Introduction, Specifications, and Pricing
While you may have been expecting us to be looking at something with fancy heat spreaders and even possibly a touch of RGB illumination, what you are going to see in this review has none of those. Much like when we got into DDR4 reviews, Crucial started us with what we refer to as value RAM. By that, we mean that we are looking at a naked set of sticks, but this time, rather than being set up on a green PCB as we saw with DDR4, there is a murdered-out appearance of all black.
Of course, being that these are DDR5, we still get things like built-in ECC and an onboard PMIC for cleaner voltage control, but it lacks anything fancier. Outside of the eight ICs soldered to the black PCB, only a product sticker is there to dress up the appearance. Taking it a step further, for most viewing this kit, you won't even get a view of any of that, but rather just a view of the back of the PCBs and the tiny holes behind where everything connects on the other side.
Even so, if history is any guide to what we should expect, Crucial has always done well with their baseline kits such as these. Not only were these types of kits tuned rather well, as they make the ICs. Hence, they have a better idea of how to manipulate timings to get the most from them at their rated speeds, but Crucial has also left us room to tinker and overclock them to get even more from these styles of "Value RAM" kits. Even so, with the freshness of DDR5, it is not guaranteed, as something as simple as a locked PMIC could thwart any fun. However, we do feel that for those looking not to push the envelope thus far, Crucial may have just what you are looking for to enter the realm of DDR5 with fair value attached.
We copied the information found on the product page for this set of CT2K16G48C40U5 and made sure to use all of the information at hand. Firstly, to explain the part number, we can see that the Crucial RAM is a 2-stick kit, both of which are 16GB in density. Speed is next; the 48 stands for 4800 MT/s, and the CAS is set to 40. The U5 at the end is simply for UDIMM and DDR5.
Back to the chart, we see that Crucial explains that this is DDR5, and the speed is 4800MHz, and for those that like the rating, this is PC-38400. As described above, this is a 32GB kit of RAM, and it is unbuffered UDIMM. While the CAS is set to 40, Crucial does lessen the following timings compared to many others on the market. Rather than 40-40-40, where the SPD option sets things, enabling XMP delivers timings of 40-39-39-77 2T, which may not seem like much, but when it comes to performance, that is where the magic happens.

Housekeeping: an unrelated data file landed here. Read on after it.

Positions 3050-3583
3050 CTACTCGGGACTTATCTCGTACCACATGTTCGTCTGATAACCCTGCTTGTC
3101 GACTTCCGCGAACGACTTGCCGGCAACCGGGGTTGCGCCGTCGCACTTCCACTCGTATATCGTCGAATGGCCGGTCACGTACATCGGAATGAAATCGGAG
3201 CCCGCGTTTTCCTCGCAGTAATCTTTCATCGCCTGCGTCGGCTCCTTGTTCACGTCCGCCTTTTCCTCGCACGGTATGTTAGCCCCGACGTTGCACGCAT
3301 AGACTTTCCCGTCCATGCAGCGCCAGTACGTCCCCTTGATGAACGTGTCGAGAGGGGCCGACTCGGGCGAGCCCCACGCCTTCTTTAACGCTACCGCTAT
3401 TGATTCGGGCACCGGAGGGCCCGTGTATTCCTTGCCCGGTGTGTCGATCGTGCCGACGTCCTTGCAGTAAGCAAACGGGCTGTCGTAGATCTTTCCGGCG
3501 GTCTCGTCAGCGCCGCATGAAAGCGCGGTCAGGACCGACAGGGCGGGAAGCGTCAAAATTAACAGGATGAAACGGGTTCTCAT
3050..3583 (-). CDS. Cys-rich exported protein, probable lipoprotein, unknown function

To run this kit, you will need just 1.1V of VDD or VDIMM for operation. We also measured the sticks as we saw no information on site and found them to be a little more than 133mm long. They are just 2.55mm thick and stand only 31.32mm tall, ensuring cooler clearance. The last thing to note is that should you run into any issues, Crucial backs these kits with a limited lifetime warranty.
Beyond aesthetics and performance results, there is still one major hurdle for those looking to adopt the newest in RAM, and that comes down to cost. While on the product page at Crucial, we see that the MSRP is set to $175.99, and there is no issue buying the kit directly from Crucial if you choose to go that route. We had no problems locating these kits on Amazon either, but we see a price set at $186.64, where the Crucial Store is listed as the seller. For those that prefer Newegg to source their gear, you will need $184.74 to purchase them there, and it sells through a third-party reseller.
Remember, pricing is on par with the last kit we looked at, but Kingston provided heat spreaders to glorify the appearance. However, it comes down to performance as the determining factor, and we will soon see how that all plays out.
Packaging and Crucial CT2K16G48C40U5
Just as previous Crucial "value RAM" kits have been packaged in the past, you get a simple plastic clamshell with the RAM fully exposed for viewing. The front of the packaging offers a product sticker explaining what is inside of the plastic, covering nearly all of the specifications we went over, with an addition at the bottom, ensuring customers at a point of sale, like a box store, that these are DDR5 and not to be confused with any of their DDR4.
Looking through the back of the packaging, we can now see half of the ICs, the centralized PMIC, and voltage components, where the right end of the sticks are covered with a product sticker. As you can see, there are no literature or case badges, just the RAM itself.
We are calling this the front of the sticks, as once it is installed onto the motherboard, this is the view you will have. Even though the appearance is the bare minimum, we like the look of the solder points and the designs they leave. While many may prefer a heat spreader, with the specifications of these being what they are, there is honestly no need for a heat spreader other than for looks.